Tapping the hotspots:
Raymond Wah, an IT project manager with San Jose-based energy concern Calpine and director of IT executive recruiter Netshare's IT networking forum, provides administrators and managers the following tips to identify hotspots:

  •  

  • Research Web sites of cutting edge technology research universities like MIT and the University of California at Berkley to identify next-generation hot technologies
  • Join a standards committee
  • Research the new IT companies that mutual funds are adding to their investment mix
  • Tap into the research that IT research firms like Gartner and Forrester provide on emerging technologies
  • Join a networking users group

Having identified an emerging technology area, administrators and managers need to locate early adopter user companies, said Katherine Spencer Lee, executive director of staffing firm Robert Half Technology. Joining a local networking or security users group can be useful in tracking down early adopters because these groups often feature presentations from vendors who describe early adopters, she added. Volunteering at an early adopter company can provide hands-on experience in hotspots, Lee said.

Part of the process of successfully landing work in a hotspot is an art form -- combining a logical extension of existing skills with the luck to be at a company who may take a liking to a new technology, according to Jon Reed, managing editor of SAP Tips and a regular contributor to TechTarget's SearchSAP.com.

However, professionals do need to identify the certification requirements that may be associated with new technology spaces, he said. They also need to identify the geographical hotspots both in the US and abroad when targeting hot skills. While it's been a long time since Silicon Valley called the shots, the IT markets in the Northeast and the South have been buoyed by industrial companies and the pharmaceutical and defense sectors, Reed added. However, the most important point is for job seekers aiming to tap a hot market not limit themselves geographically, according to Reed.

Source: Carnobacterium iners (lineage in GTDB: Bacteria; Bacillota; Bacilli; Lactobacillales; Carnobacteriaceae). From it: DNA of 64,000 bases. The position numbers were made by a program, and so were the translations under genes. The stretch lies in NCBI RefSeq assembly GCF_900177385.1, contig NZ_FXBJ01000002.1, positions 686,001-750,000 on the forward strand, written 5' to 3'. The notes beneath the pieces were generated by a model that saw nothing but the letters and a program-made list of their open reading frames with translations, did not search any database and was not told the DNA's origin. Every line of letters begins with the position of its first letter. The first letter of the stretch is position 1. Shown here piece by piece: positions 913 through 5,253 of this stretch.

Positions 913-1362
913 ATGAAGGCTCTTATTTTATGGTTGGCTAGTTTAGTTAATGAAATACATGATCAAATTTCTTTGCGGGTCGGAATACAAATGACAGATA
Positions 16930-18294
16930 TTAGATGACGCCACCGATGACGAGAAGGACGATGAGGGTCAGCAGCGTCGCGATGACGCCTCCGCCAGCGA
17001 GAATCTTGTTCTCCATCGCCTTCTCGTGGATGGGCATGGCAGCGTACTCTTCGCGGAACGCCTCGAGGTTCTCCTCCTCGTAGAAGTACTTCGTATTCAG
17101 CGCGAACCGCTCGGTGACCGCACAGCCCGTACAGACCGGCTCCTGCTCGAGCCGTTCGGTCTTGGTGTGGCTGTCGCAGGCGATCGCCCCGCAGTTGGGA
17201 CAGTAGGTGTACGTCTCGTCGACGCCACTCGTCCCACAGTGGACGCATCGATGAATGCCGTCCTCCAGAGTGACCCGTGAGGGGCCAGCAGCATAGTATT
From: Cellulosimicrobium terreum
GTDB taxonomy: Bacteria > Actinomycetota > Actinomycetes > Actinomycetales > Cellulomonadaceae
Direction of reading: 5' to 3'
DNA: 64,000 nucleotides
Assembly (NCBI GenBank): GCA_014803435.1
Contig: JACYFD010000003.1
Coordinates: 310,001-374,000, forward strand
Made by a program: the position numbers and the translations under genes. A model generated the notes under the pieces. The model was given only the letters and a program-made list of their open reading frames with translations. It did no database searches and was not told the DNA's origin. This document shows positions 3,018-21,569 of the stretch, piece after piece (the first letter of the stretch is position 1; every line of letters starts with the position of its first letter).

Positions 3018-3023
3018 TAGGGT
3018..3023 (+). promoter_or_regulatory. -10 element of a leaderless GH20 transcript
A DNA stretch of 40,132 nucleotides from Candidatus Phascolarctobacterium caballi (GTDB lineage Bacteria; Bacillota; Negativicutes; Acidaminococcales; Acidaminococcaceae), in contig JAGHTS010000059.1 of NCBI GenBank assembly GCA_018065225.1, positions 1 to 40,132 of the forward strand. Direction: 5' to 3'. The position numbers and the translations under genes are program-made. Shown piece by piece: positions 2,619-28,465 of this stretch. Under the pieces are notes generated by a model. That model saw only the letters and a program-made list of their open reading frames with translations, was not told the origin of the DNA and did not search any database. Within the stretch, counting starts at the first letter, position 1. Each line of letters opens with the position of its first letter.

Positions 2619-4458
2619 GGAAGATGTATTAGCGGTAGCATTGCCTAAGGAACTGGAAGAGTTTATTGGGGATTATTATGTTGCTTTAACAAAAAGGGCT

"If you're really rate-oriented, you need to be prepared to move," he said. "Exchange rates can create disparities for Americans abroad, [and] I don't see that many people chasing rates internationally."

Finally, after identifying a hotspot, it is crucial for IT administrators and managers to educate themselves in traditional product marketing skills so they can bridge the often gaping disconnect between IT departments and executives to sell a new technology to an employer based on its business merits, said Mauel Barbero, Bearing Point managing director.

"There's always going to be new technology rising," he said. "When they are emerging, it can be dangerous to try to become a specialist because very often those technologies don't pan out, and you have invested in things that have become obsolete. In the meantime, the things that are constant are those business skills."